by Anna (Nussbaum) Keating
Vinnie loaned me his jacket one night when we were sitting in his basement bedroom listening to the Fugees and catching up. He’d been smoking in the stairwell leading into his room. Because the door had been open, it was cold. Vinnie let me pick out a jacket. I chose the red and blue plaid. It was one of his purchases from Goodwill. “That was only a dollar seventy-five,” he told me smiling. The jacket smelled like him, like Marlboros and sweat and Calvin Klein cologne. It had a grease stain on the sleeve from when he’d worn it while repairing his old Ford. Its cotton exterior and nylon lining were worn and smooth. It felt good and I wore it home.
He went to Mass on foot every Sunday in middle school . . . Afterward he got doughnuts and ate them on the roof of the nearby hospital looking at the sky, and smoking.
The next weekend I went to a party in my hometown wearing Vinnie’s jacket. Vinnie couldn’t come. I walked in and surveyed the scene. I felt sure I was the youngest person there. It was full of twenty-somethings who for whatever reason had hung around Colorado Springs after high school either to work or go to community college or both. Everyone looked ironic and beautiful and disaffected. Women had elaborate tattoos that hung like necklaces across their collarbones and dipped into their bosoms. People had piercings in their cheeks and lips and tongues and eyebrows and bellies and noses. I shoved my hands in the pockets of Vinnie’s jacket and breathed deeply. I slouched confidently through the crowd. I danced to the punk band in the basement, and smiled at people who didn’t smile back. Vinnie’s jacket made me feel safe and loved and cool, the way he made me feel.
I told him all about the party the next morning on the phone. At first he laughed ’cause it was funny, but he kept laughing at the sound of his own laughter. It took off. He let me keep wearing the jacket through April and into May until he decided I might as well keep it. Forever. That’s what I did.
I saw Vinnie the night before he died. I rode my bike over to his house. I signed his yearbook. I hugged him close, all warm and alive. He’d lifted me off my feet and held me in the air for a long time. We’d promised never to lose touch.
Vinnie died in June, right after graduation. He had been in pain, but he wasn’t a complainer. No one knew exactly what was wrong. He’d been losing weight. He’d had exploratory surgery and had been seeing various doctors, one of whom suggested a psychiatrist. He thought the weight loss might have been caused by anxiety. Vinnie took too many of the painkillers he’d been given by the shrink and they stopped his heart. It was an unintentional overdose. That’s what we were told. The night he died I had gone to the movies. I saw a movie about a man who blew up the world, and I came home to find my mother waiting on the front porch.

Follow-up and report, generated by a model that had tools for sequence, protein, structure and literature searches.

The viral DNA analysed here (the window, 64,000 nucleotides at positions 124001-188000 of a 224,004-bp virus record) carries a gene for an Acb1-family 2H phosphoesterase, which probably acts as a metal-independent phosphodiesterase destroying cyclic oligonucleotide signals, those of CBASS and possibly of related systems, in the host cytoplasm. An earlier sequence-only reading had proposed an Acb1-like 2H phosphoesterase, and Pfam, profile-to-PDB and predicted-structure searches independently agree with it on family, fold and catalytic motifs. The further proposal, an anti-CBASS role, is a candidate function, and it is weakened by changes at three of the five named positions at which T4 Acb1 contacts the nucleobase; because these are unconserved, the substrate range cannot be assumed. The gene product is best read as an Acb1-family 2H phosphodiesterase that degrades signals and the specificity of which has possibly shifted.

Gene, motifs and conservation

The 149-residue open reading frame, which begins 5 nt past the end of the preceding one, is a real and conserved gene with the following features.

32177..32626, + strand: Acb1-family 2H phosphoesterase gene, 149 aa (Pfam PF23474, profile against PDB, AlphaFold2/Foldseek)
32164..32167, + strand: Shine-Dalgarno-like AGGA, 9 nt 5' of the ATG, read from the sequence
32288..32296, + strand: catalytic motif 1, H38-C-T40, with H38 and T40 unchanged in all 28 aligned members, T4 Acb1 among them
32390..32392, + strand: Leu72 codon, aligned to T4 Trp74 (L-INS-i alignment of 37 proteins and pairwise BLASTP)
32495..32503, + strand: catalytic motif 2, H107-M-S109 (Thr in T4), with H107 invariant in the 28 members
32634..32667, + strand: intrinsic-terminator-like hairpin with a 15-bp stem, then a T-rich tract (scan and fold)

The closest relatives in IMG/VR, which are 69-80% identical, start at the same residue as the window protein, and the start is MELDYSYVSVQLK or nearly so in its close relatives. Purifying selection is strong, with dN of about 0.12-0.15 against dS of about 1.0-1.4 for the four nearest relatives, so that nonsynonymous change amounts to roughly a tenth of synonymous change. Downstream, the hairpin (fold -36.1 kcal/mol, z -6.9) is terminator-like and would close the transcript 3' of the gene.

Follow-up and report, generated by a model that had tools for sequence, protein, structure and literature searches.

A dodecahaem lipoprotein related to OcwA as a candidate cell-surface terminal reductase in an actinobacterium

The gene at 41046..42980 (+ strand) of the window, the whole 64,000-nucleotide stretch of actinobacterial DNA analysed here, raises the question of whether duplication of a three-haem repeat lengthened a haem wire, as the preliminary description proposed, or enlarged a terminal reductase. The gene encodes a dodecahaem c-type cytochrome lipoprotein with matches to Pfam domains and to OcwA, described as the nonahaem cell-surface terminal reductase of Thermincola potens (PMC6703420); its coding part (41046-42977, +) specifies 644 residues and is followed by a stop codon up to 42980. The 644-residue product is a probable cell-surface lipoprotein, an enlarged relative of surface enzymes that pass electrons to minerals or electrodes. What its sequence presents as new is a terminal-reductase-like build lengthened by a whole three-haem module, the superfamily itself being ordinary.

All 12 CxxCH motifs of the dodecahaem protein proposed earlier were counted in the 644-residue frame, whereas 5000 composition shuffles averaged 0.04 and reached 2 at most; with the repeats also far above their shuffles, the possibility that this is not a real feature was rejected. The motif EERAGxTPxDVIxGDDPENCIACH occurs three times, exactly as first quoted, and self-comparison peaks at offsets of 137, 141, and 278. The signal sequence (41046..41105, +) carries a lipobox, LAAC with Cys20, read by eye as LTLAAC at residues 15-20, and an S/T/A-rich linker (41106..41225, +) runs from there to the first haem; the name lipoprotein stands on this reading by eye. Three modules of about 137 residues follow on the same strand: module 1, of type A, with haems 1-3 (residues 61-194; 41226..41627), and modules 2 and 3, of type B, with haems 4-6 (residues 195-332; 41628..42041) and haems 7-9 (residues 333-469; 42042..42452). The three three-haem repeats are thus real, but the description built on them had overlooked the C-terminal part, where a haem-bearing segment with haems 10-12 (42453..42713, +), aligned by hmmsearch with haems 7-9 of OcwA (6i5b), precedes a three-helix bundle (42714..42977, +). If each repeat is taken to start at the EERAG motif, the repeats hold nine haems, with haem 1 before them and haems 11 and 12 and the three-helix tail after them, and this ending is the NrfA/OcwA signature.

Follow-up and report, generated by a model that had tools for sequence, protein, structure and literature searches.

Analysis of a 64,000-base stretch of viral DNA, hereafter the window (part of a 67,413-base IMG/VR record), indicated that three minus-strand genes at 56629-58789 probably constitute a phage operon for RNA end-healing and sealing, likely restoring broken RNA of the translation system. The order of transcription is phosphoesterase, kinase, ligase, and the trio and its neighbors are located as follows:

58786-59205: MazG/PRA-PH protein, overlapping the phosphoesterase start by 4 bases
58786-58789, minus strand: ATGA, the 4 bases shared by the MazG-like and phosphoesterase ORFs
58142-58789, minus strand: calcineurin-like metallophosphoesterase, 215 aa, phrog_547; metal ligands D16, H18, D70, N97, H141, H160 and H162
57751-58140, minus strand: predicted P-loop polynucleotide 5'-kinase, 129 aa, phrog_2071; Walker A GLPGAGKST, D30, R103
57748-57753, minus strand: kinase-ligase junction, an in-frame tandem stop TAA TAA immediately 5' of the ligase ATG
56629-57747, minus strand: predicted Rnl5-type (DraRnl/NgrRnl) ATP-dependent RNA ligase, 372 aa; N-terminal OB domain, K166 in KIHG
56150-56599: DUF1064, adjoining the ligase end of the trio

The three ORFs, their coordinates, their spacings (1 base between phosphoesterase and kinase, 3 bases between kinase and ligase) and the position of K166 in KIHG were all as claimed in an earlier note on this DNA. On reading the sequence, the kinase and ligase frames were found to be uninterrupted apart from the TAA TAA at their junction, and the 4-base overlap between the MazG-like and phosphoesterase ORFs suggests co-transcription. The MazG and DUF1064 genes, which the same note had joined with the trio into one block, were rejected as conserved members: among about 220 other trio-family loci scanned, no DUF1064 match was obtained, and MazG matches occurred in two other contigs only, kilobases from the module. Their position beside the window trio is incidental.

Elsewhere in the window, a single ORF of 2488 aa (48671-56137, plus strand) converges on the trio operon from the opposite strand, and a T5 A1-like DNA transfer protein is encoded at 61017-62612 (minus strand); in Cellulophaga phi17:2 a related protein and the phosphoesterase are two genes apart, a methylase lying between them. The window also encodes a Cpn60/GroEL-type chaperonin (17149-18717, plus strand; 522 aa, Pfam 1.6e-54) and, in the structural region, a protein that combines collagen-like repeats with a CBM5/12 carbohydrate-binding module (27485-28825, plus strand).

She called me inside and said, “Anna, Vinnie Franz is dead.” All I could do was sob and scream “No. Don’t tell me this!” because Vinnie was my friend. He was the person with whom I was my best self. With Vinnie I was funnier, smarter, braver, kinder, more beautiful, more faithful. Or at least that’s how I felt. He was the last person with whom I could still be a kid, long after I could no longer be a kid with myself. He was fun. I called Vinnie every day, and he called me. We didn’t even say hello anymore, we just picked up the phone and started talking where we’d left off. He was the one who made me laugh so hard I couldn’t see. He was the one I yelled with. He watched out for me. He kept all my secrets. And he was dead.
Adults want to focus on why Vinnie died. They want to know who was at fault. But that doesn’t interest me so much. What interests me is how one friendship can teach you about loyalty and laughter, and how one friendship can carry you from one road to the next.
When Vinnie died I wanted to go back to the days when I first met him in sixth grade. The kid was crazy in love with God. He sent me notes in class about how much Jesus loved me. He went to Mass on foot every Sunday in middle school; his mom and sister didn’t attend. He sat in the back. Afterward he got doughnuts and ate them on the roof of the nearby hospital looking at the sky, and smoking.
This past summer everything started burning. My state. My church. My world. Wild fires raged in Colorado. The hard part at such times is waiting to see what will be consumed, what will endure, and what will change forever. They say that death is a part of life but for much of my life it wasn’t. Now I go to Vinnie’s grave at Evergreen Cemetery and I sing to the sod. I take long walks and converse with the air, but the subject isn’t there. I walk at night wearing Vinnie’s jacket and search the sky. Dry lightning illuminates the muddy red clouds at dusk and the blue gray clouds at night. I’m looking for my friend.
My jacket no longer smells of him. It smells like me now. Sometimes I think there’s nothing left. Then I tell a joke he told me and people laugh, or I check my oil the way he showed me, or I let a guy pay for lunch the way he used to do, or I put on mascara Jersey style and I know he’d approve. I think about all those days and nights spent in each other’s friendship, and the days when he was my only friend. We loved each other, that’s what I take with me.
This has been a hard story to tell. Because I don’t want to sell out my friend and I also don’t want him to be forgotten. But I do want you to know his name.
This essay first appeared in Commonweal in 2003. It is reprinted here with permission. Since it’s original publication a priest in Oregon named Gary Jacobson has been saying a Mass for Vinnie every year on the anniversary of his death.